MONTREAL -- Canada, among the 10 least corrupt countries in the world the past six years according to rankings by Transparency International, is mired in scandals.
"We do not have as pristine a reputation internationally as we once did," said Richard Leblanc, a law professor at York University in Toronto. "There seems to be a culture of entitlement and lack of controls and lack of oversight, which needs to be addressed."
In Toronto, the mayor of Canada's biggest city, Rob Ford, is surrounded by allegations he was caught on camera taking cocaine. In Ottawa, a controversy over Senate expenses is the first scandal to touch Prime Minister Stephen Harper's inner circle, costing him his chief of staff last month.
Applebaum faces 14 criminal charges linked to two real estate transactions that involved "tens of thousands of dollars" in illegal payments between 2006 and 2011.
While "not any one of these stories would have been a big deal," said Nelson Wiseman, a political science professor at the University of Toronto, "all of a sudden, when you get three piled on in a couple of weeks, people start saying, 'Hey what's going on in Canada?' "
Harper's government is facing its lowest popularity ratings in four years as it struggles with the fallout from the departure of his chief of staff, Nigel Wright, and two of his senators over questions about expenses.
Wright left after the disclosure he paid about $90,000 to Senator Mike Duffy to settle ineligible expenses.
Adding to Harper's woes, Saulie Zajdel, a former electoral candidate for his Conservatives in Montreal, was also arrested this week as part of the same investigation that nabbed Applebaum.
It was calls for more accountability in government that helped bring Harper's Conservative Party into power in 2006. Harper's main competition, the former Liberal government, was mired in a scandal in which fundraisers accepted kickbacks in exchange for government advertising contracts.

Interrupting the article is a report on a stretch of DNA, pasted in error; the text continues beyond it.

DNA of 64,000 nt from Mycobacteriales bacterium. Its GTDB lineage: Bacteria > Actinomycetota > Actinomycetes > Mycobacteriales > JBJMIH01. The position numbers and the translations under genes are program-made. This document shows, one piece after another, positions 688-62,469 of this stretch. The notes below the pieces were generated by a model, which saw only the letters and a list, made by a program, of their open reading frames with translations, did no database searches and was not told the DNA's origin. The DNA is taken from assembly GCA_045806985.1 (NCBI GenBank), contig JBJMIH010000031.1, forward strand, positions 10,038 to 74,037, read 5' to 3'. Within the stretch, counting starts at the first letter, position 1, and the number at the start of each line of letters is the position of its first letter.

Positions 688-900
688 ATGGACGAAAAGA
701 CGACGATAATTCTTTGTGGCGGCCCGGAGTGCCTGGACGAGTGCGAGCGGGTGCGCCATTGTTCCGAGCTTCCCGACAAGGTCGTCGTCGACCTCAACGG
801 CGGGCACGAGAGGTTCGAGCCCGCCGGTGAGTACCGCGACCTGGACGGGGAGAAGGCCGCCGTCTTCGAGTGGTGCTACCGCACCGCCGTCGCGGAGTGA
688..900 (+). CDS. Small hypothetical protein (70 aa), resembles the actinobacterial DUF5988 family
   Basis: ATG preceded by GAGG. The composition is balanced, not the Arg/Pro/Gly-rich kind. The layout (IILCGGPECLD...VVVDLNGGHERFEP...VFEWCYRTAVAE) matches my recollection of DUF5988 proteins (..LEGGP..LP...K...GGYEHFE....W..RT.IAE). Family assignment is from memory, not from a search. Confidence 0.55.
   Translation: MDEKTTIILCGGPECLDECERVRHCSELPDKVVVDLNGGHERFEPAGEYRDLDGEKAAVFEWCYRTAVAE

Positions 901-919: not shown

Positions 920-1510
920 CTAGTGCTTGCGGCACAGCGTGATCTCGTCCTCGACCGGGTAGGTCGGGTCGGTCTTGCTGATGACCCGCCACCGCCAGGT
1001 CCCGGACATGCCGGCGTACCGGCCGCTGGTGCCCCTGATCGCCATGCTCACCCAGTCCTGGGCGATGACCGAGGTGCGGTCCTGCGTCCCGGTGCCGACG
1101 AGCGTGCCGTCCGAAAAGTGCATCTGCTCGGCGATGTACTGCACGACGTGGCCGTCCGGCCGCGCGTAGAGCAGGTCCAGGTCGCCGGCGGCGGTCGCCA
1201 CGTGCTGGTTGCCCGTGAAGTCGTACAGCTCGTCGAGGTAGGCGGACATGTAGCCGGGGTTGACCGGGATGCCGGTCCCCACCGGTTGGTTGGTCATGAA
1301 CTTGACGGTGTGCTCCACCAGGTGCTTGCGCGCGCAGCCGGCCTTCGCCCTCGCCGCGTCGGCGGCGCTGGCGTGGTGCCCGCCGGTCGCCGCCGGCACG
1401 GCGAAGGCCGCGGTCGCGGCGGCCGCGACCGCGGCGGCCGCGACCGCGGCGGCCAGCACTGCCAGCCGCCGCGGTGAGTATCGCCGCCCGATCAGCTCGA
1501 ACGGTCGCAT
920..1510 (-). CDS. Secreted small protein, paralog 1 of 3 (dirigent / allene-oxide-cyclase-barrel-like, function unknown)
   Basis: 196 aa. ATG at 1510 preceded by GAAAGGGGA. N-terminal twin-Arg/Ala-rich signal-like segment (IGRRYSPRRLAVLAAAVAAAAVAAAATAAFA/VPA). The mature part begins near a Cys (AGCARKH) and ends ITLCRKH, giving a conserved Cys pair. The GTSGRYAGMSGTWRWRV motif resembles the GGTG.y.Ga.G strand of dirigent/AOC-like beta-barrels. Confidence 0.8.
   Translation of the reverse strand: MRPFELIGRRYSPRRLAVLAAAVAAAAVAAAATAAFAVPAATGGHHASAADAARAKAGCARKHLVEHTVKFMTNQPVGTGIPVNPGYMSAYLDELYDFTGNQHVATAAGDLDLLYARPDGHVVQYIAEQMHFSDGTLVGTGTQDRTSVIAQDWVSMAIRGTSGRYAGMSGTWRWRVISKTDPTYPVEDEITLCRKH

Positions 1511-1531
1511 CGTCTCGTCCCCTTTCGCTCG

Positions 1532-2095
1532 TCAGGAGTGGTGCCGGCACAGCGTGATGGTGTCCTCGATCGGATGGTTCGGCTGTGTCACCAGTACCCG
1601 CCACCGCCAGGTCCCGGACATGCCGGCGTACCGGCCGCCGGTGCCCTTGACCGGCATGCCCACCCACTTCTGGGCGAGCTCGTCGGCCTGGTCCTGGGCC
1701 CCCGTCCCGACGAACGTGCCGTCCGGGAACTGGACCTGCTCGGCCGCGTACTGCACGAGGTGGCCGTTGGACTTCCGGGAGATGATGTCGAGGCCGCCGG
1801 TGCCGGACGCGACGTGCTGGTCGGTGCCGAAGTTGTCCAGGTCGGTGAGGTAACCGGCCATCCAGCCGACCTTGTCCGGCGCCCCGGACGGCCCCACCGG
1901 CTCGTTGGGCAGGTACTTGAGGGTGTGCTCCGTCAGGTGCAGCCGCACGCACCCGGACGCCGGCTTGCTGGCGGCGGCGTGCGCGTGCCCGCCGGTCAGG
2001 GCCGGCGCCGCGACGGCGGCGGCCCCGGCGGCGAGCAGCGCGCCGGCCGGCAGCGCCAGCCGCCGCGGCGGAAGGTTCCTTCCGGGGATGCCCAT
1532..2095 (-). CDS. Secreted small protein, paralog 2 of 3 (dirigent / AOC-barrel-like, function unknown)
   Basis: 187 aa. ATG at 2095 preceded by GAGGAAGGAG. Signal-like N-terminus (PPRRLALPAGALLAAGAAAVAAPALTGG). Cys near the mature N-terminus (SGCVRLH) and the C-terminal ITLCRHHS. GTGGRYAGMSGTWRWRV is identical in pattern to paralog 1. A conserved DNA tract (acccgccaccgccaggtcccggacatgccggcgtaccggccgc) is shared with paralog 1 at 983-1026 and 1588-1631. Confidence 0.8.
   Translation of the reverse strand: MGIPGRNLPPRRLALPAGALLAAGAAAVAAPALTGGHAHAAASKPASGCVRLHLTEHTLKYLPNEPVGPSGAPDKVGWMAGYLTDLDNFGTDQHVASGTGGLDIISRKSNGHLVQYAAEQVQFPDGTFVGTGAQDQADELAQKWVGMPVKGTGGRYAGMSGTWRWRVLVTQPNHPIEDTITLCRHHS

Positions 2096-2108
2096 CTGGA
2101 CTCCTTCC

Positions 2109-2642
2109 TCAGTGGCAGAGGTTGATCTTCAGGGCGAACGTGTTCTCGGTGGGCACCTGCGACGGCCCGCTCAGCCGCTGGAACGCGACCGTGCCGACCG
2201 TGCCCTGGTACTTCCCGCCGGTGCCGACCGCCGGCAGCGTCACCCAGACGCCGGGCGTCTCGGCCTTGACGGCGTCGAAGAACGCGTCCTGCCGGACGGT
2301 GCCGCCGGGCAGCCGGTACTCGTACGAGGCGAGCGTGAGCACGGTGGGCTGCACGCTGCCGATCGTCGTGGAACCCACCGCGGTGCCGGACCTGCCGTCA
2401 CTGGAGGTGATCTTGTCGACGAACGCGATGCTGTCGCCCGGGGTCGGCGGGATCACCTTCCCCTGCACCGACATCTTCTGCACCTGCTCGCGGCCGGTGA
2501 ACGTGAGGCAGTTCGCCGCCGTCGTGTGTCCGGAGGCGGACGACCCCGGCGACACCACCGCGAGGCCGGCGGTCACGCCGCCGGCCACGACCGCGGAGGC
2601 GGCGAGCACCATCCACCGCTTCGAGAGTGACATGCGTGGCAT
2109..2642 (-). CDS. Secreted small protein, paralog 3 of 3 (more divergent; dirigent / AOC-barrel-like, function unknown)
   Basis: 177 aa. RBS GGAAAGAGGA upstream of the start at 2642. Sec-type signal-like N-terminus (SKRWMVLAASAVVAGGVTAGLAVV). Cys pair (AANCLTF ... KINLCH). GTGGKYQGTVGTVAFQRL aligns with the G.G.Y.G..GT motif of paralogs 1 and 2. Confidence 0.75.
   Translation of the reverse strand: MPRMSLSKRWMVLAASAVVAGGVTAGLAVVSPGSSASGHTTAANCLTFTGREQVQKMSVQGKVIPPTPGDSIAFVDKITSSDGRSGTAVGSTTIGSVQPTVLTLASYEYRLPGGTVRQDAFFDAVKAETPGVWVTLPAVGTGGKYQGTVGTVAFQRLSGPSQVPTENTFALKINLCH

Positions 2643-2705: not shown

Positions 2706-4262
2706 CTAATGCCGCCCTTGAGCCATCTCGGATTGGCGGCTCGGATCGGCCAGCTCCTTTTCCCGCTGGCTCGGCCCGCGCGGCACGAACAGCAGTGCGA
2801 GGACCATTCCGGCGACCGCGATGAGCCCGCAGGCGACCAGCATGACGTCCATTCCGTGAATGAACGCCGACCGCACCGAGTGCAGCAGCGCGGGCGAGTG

Harper's first piece of legislation after taking power was the country's Federal Accountability Act that ended political donations by companies, required public servants to record all contacts with lobbyists and eliminated contingency fees in the lobbying industry.
The public scandals may simply reflect newly applied transparency rules and growing demand for accountability in Canada, said Kathy Brock, a professor at Queen's University in Kingston, Ontario.
"Some things that might have floated underneath the radar are now becoming much more apparent," Brock, a political scientist, said in a telephone interview. "As things open up and as more rules get applied, it means you will have much more things come to light."
Gilles Vaillancourt, former mayor of Laval, Quebec's third-largest city, was among 37 people arrested last month and charged with crimes including fraud and gangsterism. Laval is now under the trusteeship of the province.
SNC-Lavalin Group Inc., Canada's biggest construction and engineering company, had one of its subsidiaries and more than 100 affiliates debarred for 10 years by the World Bank following "misconduct" in relation to a bridge project in Bangladesh, according to a World Bank statement dated April 17. The misconduct "involved a conspiracy to pay bribes and misrepresentations" when bidding for World Bank-financed contracts, in violation of the lender's procurement guidelines, according to the statement.
"Is there a common theme? Politics in Canada is more interesting," the University of Toronto's Wiseman said.
-- Washington Post-Bloomberg